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Telegraph Herald. July 11, 2014.

Tobacco ban in parks but not casinos?

The Iowa city of Epworth just got tough on smoking. Even though state law already prohibits smoking in enclosed public spaces or public places where lots of people congregate, Epworth recently made it illegal to smoke inside the perimeter of the city’s parks. On a 3-2 vote, the City Council banned the use of tobacco and nicotine products, including e-cigarettes and smokeless tobacco, in city parks, with a couple of exceptions.

One might wonder: Just how big a problem is smoking in Epworth parks? One might assume it’s a significant issue if a group felt strongly enough about it to lobby for the change.

Actually, though, it wasn’t a rash of smokers in Epworth parks that brought this issue to the fore. It turns out that local health officials must make at least one park or recreation area in the county tobacco-free as a requirement of a grant from the Iowa Department of Public Health. City officials in Dubuque weren’t inclined to further prohibit smoking in an outdoor, wide open space, just to satisfy the state grant requirements. But anti-smoking advocates got Epworth to comply.

Not that banning tobacco in parks is a bad thing. Kids hang out in parks. And the fewer places kids see adults smoking, the less likely they are to gravitate toward the nasty habit. Or one might hope. Plus, smokers have a tendency to toss cigarette butts wherever they please; so the parks might be a bit tidier.

Still, for the Iowa Department of Public Health to hold state funding hostage to pressure communities to make a few parks tobacco-free doesn’t seem to be aiming very high. If state officials are concerned about secondhand smoke, they have bigger targets they could pursue.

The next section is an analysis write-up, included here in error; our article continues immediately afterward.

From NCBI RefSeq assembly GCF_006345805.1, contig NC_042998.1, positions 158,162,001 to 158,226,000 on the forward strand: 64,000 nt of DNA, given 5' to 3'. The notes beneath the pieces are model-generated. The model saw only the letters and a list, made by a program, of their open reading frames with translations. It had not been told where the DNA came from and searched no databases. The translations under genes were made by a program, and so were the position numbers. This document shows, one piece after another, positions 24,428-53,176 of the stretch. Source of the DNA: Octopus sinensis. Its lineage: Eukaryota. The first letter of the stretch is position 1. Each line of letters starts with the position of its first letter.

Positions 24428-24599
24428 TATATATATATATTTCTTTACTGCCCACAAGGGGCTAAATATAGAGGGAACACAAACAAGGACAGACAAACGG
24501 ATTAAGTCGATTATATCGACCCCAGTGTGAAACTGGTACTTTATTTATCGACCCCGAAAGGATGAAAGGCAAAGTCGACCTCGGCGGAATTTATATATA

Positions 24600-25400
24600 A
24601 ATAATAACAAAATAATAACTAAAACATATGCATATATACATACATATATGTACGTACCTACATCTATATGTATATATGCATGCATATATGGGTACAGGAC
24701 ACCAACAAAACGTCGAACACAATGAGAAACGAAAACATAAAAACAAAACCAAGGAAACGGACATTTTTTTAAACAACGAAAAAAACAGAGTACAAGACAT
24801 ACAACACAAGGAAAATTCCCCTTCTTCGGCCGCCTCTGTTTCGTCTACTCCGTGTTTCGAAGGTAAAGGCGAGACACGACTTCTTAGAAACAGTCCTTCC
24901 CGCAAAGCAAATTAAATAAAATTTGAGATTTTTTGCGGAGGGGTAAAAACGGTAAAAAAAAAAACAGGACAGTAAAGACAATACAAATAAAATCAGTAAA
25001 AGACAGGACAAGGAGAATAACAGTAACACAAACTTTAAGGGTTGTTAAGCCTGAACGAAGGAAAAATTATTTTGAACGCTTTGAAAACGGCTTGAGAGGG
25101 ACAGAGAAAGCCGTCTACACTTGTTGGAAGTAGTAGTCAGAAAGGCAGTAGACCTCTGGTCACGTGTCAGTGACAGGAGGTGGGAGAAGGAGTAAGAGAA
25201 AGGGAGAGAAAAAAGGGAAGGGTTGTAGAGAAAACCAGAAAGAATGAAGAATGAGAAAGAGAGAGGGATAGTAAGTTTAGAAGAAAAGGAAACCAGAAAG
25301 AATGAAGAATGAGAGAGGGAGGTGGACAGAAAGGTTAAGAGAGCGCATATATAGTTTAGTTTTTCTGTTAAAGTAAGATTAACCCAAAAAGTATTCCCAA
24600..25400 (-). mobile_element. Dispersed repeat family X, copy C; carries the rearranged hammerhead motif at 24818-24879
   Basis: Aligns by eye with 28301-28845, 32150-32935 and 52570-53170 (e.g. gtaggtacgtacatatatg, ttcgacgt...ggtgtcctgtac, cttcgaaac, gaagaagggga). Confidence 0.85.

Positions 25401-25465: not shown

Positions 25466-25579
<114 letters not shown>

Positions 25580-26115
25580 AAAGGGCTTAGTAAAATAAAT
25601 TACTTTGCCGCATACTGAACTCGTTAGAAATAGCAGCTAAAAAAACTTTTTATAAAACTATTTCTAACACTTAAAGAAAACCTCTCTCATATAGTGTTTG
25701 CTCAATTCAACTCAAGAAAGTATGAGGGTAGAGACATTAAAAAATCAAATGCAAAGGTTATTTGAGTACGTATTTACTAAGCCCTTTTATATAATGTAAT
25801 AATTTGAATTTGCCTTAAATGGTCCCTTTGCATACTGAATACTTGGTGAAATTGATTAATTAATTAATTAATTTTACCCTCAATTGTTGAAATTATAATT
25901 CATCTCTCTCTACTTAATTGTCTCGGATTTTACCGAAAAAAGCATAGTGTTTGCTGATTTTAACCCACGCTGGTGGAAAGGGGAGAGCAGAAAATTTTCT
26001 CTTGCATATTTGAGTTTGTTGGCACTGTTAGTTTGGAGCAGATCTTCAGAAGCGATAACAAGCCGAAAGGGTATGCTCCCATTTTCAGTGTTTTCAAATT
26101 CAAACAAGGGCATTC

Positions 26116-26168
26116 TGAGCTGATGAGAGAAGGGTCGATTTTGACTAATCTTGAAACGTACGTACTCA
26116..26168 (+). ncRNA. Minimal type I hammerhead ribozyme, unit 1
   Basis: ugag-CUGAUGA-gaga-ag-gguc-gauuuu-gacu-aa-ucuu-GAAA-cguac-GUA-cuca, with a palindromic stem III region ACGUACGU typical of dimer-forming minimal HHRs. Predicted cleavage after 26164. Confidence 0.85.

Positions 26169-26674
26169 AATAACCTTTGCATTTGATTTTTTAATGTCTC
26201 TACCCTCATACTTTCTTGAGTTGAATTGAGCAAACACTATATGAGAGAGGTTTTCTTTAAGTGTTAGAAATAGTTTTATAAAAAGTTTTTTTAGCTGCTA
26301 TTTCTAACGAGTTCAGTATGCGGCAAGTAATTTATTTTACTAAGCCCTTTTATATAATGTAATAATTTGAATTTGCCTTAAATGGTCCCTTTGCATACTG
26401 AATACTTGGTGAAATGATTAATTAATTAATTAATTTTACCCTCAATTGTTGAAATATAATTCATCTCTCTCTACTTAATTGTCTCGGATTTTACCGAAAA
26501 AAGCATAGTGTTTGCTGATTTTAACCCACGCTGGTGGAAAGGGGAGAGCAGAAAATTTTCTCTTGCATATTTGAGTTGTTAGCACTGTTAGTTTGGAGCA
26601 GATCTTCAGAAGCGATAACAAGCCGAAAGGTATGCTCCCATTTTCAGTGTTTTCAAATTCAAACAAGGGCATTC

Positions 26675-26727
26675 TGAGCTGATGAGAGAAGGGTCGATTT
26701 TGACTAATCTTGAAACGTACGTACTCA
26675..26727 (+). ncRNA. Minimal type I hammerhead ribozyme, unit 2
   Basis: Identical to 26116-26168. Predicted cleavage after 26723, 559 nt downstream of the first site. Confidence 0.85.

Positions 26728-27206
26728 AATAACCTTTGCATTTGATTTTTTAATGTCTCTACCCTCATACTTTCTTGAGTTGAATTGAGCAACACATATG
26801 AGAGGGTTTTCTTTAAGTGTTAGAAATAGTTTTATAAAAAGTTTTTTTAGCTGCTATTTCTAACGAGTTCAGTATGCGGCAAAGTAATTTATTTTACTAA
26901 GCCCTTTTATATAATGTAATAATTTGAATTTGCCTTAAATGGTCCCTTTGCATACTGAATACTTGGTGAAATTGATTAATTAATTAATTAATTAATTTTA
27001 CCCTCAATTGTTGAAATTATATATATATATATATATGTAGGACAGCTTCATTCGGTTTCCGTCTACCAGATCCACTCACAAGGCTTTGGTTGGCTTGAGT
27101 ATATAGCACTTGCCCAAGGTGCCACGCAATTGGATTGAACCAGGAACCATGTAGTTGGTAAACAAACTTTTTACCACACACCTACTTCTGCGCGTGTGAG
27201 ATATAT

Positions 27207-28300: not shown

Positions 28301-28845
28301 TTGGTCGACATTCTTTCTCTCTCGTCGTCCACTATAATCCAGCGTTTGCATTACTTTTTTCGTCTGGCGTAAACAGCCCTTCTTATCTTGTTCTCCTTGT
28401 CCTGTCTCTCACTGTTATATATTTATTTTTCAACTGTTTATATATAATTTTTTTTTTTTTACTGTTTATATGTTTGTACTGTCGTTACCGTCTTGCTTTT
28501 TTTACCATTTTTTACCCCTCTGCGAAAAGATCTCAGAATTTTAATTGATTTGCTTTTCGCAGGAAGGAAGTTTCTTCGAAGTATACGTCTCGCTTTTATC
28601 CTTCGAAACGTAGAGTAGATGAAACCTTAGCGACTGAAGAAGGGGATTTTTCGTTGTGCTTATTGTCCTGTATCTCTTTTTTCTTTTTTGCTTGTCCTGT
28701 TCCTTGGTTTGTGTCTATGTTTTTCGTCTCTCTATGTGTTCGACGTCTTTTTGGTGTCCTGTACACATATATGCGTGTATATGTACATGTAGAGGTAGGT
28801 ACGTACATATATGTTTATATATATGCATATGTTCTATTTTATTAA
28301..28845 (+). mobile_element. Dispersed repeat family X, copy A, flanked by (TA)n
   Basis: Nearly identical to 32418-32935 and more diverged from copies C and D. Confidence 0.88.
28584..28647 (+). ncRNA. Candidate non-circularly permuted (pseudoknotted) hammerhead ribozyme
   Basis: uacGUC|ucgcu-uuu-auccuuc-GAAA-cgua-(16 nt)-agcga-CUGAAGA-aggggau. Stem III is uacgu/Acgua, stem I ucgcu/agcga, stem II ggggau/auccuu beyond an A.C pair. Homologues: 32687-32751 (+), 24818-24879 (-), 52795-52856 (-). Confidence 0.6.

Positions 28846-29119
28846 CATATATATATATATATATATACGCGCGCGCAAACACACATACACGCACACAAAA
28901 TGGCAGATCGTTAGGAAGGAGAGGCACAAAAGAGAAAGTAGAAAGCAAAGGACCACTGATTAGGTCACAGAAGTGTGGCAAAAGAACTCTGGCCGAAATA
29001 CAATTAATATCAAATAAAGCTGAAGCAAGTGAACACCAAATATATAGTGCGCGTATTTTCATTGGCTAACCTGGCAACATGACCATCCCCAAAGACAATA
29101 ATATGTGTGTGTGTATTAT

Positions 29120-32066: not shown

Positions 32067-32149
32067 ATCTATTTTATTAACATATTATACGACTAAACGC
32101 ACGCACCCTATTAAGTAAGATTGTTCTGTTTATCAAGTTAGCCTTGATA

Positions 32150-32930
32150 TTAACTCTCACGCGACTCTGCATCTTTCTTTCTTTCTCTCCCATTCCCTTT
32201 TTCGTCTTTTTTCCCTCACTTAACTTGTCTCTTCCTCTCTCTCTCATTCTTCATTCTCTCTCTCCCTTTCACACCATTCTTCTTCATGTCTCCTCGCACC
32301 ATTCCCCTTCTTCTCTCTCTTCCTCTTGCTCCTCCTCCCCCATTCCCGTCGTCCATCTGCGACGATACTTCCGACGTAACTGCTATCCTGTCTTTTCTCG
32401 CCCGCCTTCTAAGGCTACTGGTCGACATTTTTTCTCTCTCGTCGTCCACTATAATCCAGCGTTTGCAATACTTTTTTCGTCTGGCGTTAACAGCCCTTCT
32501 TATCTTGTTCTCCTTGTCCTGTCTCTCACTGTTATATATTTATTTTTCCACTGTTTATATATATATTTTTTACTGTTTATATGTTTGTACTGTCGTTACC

Like casinos, for instance.

For six years, Iowa casinos have enjoyed a gaping loophole in the state’s smoking ban. In 2008, when lawmakers prohibited smoking in public places, they cowed to the casino lobby and granted gambling establishments an exemption. So, despite a statewide ban by which all other businesses must abide, gamblers are allowed to smoke away in Iowa’s casinos. Apparently, the state’s concerns about secondhand smoke end at the casino door. Casino workers and non-smoking gamblers take a back seat to the gambling revenue flowing to state coffers. It just doesn’t make sense.

Creating more smoke-free places is generally a positive thing. But if we really want to move the needle on public health as it pertains to cigarette smoke, the state should be looking at casinos, not parks.

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Sioux City Journal. July 9, 2014.

Drive through I-29 work zone with care

As the controversy over traffic cameras in Sioux City rages on, we watch with incredulity.

Is all of this time and effort, all of this angst and anger, necessary? Must city square off against state or state square off against state?

Story Continues →